By: Avi Kahn (11th Grade)
Recently, eight U.S. states have moved toward enacting new laws prohibiting women from receiving an abortion and doctors from performing them. This news has set the world astir as both sides chant slogans such as “Girls Just Wanna Have Fun-damental Bodily Rights” and “Life Begins at Conception.” While students at Hebrew Academy are split on the issue, I find myself siding strongly with the pro-choice side and I am therefore against criminalizing abortion. It is my belief that the government should not be able to decide what women are and are not allowed to do with their bodies.
On January 22nd, 1973 the famous court case of Roe v. Wade came to a close. Ruling that a woman’s privacy extended to the unborn child she is carrying, the Supreme Court legalized abortion. In addition to making abortion legal, Roe v. Wade also ruled that governments are not allowed to prohibit abortions during the first trimester. Nineteen years later, the case of Planned Parenthood v. Casey attempted to overturn Roe v. Wade. Though the ruling of Roe v. Wade remains intact, Planned Parenthood v. Casey did alter it. Rather than state governments not being allowed to intervene after the first trimester, they are permitted to prohibit abortion once the fetus is deemed viable. Despite the Supreme Court closing Roe v. Wade 45 years ago, attempts to abolish the ruling are resurfacing.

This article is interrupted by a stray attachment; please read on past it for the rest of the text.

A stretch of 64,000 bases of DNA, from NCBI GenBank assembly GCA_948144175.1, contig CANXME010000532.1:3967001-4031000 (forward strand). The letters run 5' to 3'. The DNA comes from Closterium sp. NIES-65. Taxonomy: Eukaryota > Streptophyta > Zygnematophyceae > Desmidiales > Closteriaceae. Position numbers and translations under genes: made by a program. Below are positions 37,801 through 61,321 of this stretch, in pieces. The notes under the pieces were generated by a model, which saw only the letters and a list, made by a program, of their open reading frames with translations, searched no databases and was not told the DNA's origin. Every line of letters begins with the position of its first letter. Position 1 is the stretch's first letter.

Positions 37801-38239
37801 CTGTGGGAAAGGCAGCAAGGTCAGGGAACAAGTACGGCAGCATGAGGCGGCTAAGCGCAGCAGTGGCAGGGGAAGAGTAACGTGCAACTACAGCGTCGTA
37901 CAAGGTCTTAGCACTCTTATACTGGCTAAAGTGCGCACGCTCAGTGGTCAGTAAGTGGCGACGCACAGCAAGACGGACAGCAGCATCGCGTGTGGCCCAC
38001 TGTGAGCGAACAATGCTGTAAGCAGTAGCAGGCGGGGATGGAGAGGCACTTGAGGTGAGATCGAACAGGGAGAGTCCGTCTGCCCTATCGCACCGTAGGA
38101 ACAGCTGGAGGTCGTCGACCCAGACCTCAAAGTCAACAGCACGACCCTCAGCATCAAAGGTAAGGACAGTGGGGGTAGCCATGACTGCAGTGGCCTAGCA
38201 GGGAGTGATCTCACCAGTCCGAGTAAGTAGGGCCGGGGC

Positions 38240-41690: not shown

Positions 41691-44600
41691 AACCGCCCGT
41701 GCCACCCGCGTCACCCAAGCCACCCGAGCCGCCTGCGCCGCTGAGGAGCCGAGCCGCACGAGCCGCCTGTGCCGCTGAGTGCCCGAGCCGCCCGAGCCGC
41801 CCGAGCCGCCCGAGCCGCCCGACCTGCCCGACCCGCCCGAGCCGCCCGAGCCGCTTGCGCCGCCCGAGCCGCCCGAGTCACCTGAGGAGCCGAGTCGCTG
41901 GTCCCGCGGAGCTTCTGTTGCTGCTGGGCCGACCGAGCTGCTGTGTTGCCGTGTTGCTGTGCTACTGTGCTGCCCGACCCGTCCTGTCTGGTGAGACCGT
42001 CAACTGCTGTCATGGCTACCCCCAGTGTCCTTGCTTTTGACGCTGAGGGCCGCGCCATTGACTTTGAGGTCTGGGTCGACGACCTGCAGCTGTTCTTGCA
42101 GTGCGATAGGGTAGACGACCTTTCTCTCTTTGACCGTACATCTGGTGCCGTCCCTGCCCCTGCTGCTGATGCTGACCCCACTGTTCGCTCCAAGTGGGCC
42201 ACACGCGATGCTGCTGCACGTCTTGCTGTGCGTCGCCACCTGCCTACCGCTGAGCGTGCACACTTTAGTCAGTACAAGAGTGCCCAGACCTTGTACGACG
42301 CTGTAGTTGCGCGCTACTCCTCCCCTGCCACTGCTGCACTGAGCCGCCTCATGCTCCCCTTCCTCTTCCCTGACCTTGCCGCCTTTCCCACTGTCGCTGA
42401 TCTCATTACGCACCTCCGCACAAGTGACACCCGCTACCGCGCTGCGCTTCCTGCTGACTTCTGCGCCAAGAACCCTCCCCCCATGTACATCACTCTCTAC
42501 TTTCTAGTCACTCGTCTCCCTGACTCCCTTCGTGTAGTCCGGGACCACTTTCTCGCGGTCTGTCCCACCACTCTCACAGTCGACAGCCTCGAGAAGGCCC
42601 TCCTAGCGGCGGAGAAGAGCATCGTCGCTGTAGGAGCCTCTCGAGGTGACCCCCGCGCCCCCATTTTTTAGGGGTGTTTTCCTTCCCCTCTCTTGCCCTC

It is extremely disheartening to watch a self-proclaimed progressive society so quickly regress into outdated ideals. Statistically, one in four American women will have an abortion by age 45. This past Tuesday 400 rallies were held coast to coast protesting the new abortion laws. A majority of the protesters were women. These are women who do not want the government to decide what they can and cannot do with their bodies. It is my belief that women reserve every right to decide for themselves what to do with their bodies, especially in regards to the issue of abortion.
We live in a country that was founded on the principle of democracy and expresses the importance of the individual. Women should not be subjected to a double standard under which they have to fight for their individual rights, most certainly not bodily rights.